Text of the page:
The dust from investor Baugur’s collapse has settled and the impact of its fall from grace on the high street can now be assessed
A year ago today, one of the most high-profile and daring retail investor’s reign over the UK high street came to an end.
The collapse of the once-feted Icelandic investment firm Baugur - which raided UK shores for fashion and retail assets throughout the previous decade - triggered a chain of events that it was feared would threaten the future of some of the country’s best-known high street chains.
In the days that followed Baugur’s collapse - after restructuring talks with nationalised Icelandic bank Landsbanki broke down following the Icelandic banking collapse at the end of 2008 - the management of retailers including House of Fraser, Mosaic Fashions (the then-owner of chains including Oasis, Warehouse, Karen Millen and Coast), Jane Norman and Whistles issued a flurry of statements distancing themselves from the shareholder and its woes.
In the ensuing media maelstrom, the businesses were dogged by speculation that they too would hit the buffers while private equity businesses and entrepreneurs, including Arcadia boss Sir Philip Green, circled Baugur’s £1bn-plus debt and the chains themselves.
But a year on, the impact of Baugur’s collapse has proved to have been minimal.
Measuring the effects
Don McCarthy, chairman of department store chain House of Fraser and one-time Baugur shareholder, says Baugur’s demise “did not have an effect” on the businesses in which the investor had a stake, and that the holdings simply reverted to the Icelandic banks, themselves in a moratorium process.
“There was obviously a situation where shares were taken over,” he says. “Everyone thought the banks would act irrationally and sell their shares at a low value but the banks have maintained that value by not selling off their shares.”
He says that all the core businesses in which Baugur had an interest have remained robust.
House of Fraser, which is backed by nationalised Icelandic bank Landsbanki, is set to report one of its most profitable years in the year to January 31, 2010, he points out.
And Whistles, which was spun out of Mosaic Fashions in January 2008, has been restructured. Last month it emerged that Jane Norman’s lenders are to take over the business and restructure its debts of almost £136m.
Even Baugur’s minority stakes in public businesses including Debenhams appear to have quietly changed hands via contracts for difference.
However, the process was not without its strains on businesses, and for one in particular it contributed to its pre-pack administration.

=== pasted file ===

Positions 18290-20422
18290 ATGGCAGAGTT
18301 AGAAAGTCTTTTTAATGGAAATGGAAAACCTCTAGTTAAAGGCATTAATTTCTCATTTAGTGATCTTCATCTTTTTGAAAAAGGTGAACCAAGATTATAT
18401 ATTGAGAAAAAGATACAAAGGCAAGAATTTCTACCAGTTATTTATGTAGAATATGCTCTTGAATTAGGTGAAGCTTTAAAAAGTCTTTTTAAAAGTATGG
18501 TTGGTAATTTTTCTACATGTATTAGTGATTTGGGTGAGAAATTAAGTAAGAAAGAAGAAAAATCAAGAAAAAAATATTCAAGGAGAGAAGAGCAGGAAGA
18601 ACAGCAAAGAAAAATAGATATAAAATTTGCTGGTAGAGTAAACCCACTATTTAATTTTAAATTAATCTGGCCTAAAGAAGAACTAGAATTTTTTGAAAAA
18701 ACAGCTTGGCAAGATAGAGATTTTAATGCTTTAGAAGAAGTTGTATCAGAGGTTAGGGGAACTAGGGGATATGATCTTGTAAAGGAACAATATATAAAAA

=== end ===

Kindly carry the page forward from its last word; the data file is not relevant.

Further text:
Mosaic Fashions, arguably the greatest casualty in the Baugur empire, went into administration in March 2009 but was reborn as Aurora Fashions - stripped of its footwear concession business Shoe Studio Group, which was rescued by Dune, and of womenswear chain Principles, which Debenhams subsequently acquired the brand rights to. Baugur had held a 49% stake in Mosaic Fashions, with Icelandic bank Kaupthing holding the all-important debt.
However, Aurora Fashions chief executive Mike Shearwood, who was deputy chief executive of Mosaic Fashions at the time of its collapse, says Baugur’s demise had a minimal impact on the business.
“We weren’t affected directly by the collapse of Baugur,” he says. “We were affected by the collapse of the Icelandic banking system and the effect this had on Kaupthing. In hindsight, from that point on our fate was sealed.”
He adds: “We announced solid half-year results in September and a month later the bank went into administration. We lost a £75m working capital facility and a significant dollar hedge for 2009 at over $1.90. The combination of these factors had a significant impact on our profits and subsequent valuation.”
However, insiders argue that Mosaic Fashions’ deal to buy Rubicon Retail in 2006, which owned Warehouse, Principles and Shoe Studio Group, was ill-fated, and created a too-large group that was never fully integrated. Baugur had stakes in both groups and is said to have played a leading role in encouraging the merger.
Man in black
Any association with the Baugur team, headed up by founder Jón Ásegir Jóhannesson - black-suited and known for throwing flamboyant parties - proved poisonous for some in the eyes of credit insurers in particular.
Mosaic Fashions struggled as credit insurance was withdrawn, as did young fashion chain All Saints, in which Baugur had a 35% stake.